Angry Birds Star Wars II Review

The Force Is Strong With This One

· · @mihirpatkar

It could be argued that this is the first real mobile game with the burden of a legacy. Rovio’s runaway success with Angry Birds has spawned merchandise, a TV show, and countless other things. Star Wars is among the biggest pop culture brands in history. And after the success of the first game, Angry Birds Star Wars II has a lot to live up to. The game rolls up the classic slingshot style, the underwater and anti-grav physics of Angry Birds Space and throws in plenty of characters with superpowers. It turns the birds into Jedi masters of “The Rebirdion” and the pigs into evildoers from “The Pork Side”. And if that sounds silly, you really aren’t giving in to this mini-universe and embracing its quirks and idiosyncrasies.

Choose Your Destiny

It all starts with trying to fight evil as part of the Rebirdions. The action starts during the “Naboo Invasion” and it’s classic Angry Birds. There’s a structure on the right of the screen where the pigs are stationed, and you have your slingshot on the left with a fixed number of birds. Depending on your side, you get a wide variety of birds. Writing about each character and his or her powers would end up filling realms of pages. The Red bird itself, cast as Anakin Skywalker in this game, has three different avatars: pod racer, Jedi padawan and Sith apprentice. Each of his roles has a different weapon. With the pod racer, once you launch him with the slingshot, you can tap anywhere on the screen to direct his pod there. As a Jedi padawan, he takes out obstacles with a blue lightsaber. And as a Sith apprentice, an orbiting red lightsaber is his weapon of choice. Just like the Red bird, all of the birds have been recast in different roles in the game. There’s the Yellow bird as Han Solo, the King Pig as Emperor Palpatine, Black bird as Mace Windu, a Pig as Jango Fett, another Pig as Darth Maul, Pink bird as Princess Lei and so on. Every bird comes with a custom power, whether it’s launching a rocket, slicing with a saber, throwing a boomerang or changing direction in mid-air. And you have to use their abilities wisely to get through each level by sacrificing the least amount of birds. The lesser birds you use, the more stars you get. And stars and credits are valuable in unlocking or buying different characters or bundles in the shop, which you can use mid-game.

Help Is At Hand

That’s right, if you are ever stuck in any level, you can now trade your current bird or pig in for someone else. You have a limited supply of these “swaps” with each type of bird, so use them wisely. All you have to do is tap on the second button in the menu and a pop-up will show you all the birds you have and how many of each you have. In the corner of each bird, you will see a little icon showing you what their power is — a move we welcome given how hard it is to keep track of the 30+ characters in the game. Each swap counts as one bird, of course, so if you miss, that’s one down. But the good news is that getting it right will give you the points that are earned by the swapped character, not the original — so say, if you were to swap out a Chewbacca for a Mace Windu, Windu will earn you more points when you use his violent boomerang lightsaber to finish the level.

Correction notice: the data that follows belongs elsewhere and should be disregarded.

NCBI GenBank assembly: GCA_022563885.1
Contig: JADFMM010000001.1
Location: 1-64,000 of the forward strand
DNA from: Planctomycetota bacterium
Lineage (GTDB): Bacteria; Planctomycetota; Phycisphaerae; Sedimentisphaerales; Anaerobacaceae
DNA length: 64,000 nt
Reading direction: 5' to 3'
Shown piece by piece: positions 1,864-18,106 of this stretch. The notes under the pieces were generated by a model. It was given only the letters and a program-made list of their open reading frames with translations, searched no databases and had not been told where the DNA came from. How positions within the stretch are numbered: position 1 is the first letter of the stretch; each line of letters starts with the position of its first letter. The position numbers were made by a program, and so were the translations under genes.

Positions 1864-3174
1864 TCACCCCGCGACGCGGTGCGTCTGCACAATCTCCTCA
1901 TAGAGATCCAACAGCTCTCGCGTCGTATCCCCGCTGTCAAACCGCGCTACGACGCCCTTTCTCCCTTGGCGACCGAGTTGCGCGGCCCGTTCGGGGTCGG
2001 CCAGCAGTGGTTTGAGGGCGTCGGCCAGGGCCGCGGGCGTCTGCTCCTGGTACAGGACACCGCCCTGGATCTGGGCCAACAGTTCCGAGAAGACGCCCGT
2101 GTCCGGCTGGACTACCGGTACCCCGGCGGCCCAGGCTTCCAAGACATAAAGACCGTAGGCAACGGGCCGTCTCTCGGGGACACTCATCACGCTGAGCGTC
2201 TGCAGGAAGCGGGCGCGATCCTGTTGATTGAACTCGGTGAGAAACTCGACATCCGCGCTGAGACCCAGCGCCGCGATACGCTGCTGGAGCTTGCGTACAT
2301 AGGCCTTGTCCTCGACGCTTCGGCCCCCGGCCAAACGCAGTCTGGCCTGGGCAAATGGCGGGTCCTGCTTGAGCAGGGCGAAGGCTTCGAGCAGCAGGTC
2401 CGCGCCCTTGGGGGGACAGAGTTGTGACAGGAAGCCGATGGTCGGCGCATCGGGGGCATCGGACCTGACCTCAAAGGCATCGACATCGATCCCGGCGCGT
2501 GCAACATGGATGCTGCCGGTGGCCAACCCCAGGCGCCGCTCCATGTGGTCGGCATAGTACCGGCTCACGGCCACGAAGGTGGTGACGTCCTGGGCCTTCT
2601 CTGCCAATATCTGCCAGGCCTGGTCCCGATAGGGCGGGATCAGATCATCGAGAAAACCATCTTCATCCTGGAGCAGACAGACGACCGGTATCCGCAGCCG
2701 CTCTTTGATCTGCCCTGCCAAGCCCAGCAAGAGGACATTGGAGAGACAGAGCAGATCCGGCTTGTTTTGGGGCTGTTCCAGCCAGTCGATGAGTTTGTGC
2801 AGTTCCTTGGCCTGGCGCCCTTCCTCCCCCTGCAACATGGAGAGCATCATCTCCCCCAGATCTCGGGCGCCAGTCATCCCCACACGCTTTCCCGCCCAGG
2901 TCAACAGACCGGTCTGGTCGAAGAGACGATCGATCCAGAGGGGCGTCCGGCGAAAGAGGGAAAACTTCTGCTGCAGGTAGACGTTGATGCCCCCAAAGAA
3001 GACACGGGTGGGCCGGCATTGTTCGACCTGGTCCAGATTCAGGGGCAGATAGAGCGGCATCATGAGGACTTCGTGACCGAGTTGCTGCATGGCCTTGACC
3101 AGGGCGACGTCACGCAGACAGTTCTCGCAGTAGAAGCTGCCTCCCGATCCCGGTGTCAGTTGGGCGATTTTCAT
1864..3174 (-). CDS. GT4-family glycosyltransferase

Great Graphics, Great Gameplay

Angry Birds wasn’t the first physics-based cannon game, but there are two things that have made it such a runaway hit: the graphics and the gameplay. And Star Wars II delivers on the graphics front. The detailing in the characters, the lush backgrounds, the fantastic animations for each bird and pig — it’s excellent work and Rovio should be proud. It’s a game that’s meant to be appealing to both kids and adults with its cartoonish style. I don’t say this lightly: Disney would have been happy with this. But where it really shines is in the gameplay. The three physics modes of the Angry Birds games are so neatly segregated, you might not even notice them. The Rebirdions fight on a planet with Earth-like gravity; the Pork Side fights in space with zero-gravity; and special Reward Chapters submerge you for water-based physics. The two main campaigns themselves — Naboo Invasion and Escape To Tatooine — have 20 levels each on the good and dark sides, bringing you a total of 80 puzzles; and that’s excluding reward chapters. You can seamlessly switch between sides and try to get the most number of stars possible. The one aspect of Angry Birds Star Wars II that I admire the most is Rovio’s ability to make levels that have just the right amount of difficulty. Upon starting a level, you never think this one is going to be easy. But it’s also never so difficult that you will take eons or get stuck. It’s easy to make a tough, frustrating game; it’s tough to make a game that challenges you without frustrating you. Full marks!

Worth it?

Android is the only platform where Angry Birds Star Wars II is available as a free download, supported by ads, although you can also buy the paid ad-free version for 99 cents. Is the game worth it for 99 cents? Given that you get 80 levels of puzzling glory coupled with fantastic graphics and a celebration of two iconic franchises, I would say it’s a steal. And even if you don’t want to spend that, there’s still the free version available. Only a fool would pass up that deal!

4.5 / 5


Angry Birds Star Wars II celebrates two iconic franchises in a puzzle feast that's well worth your time. tweet

Mihir Patkar · Sep 23, 2013

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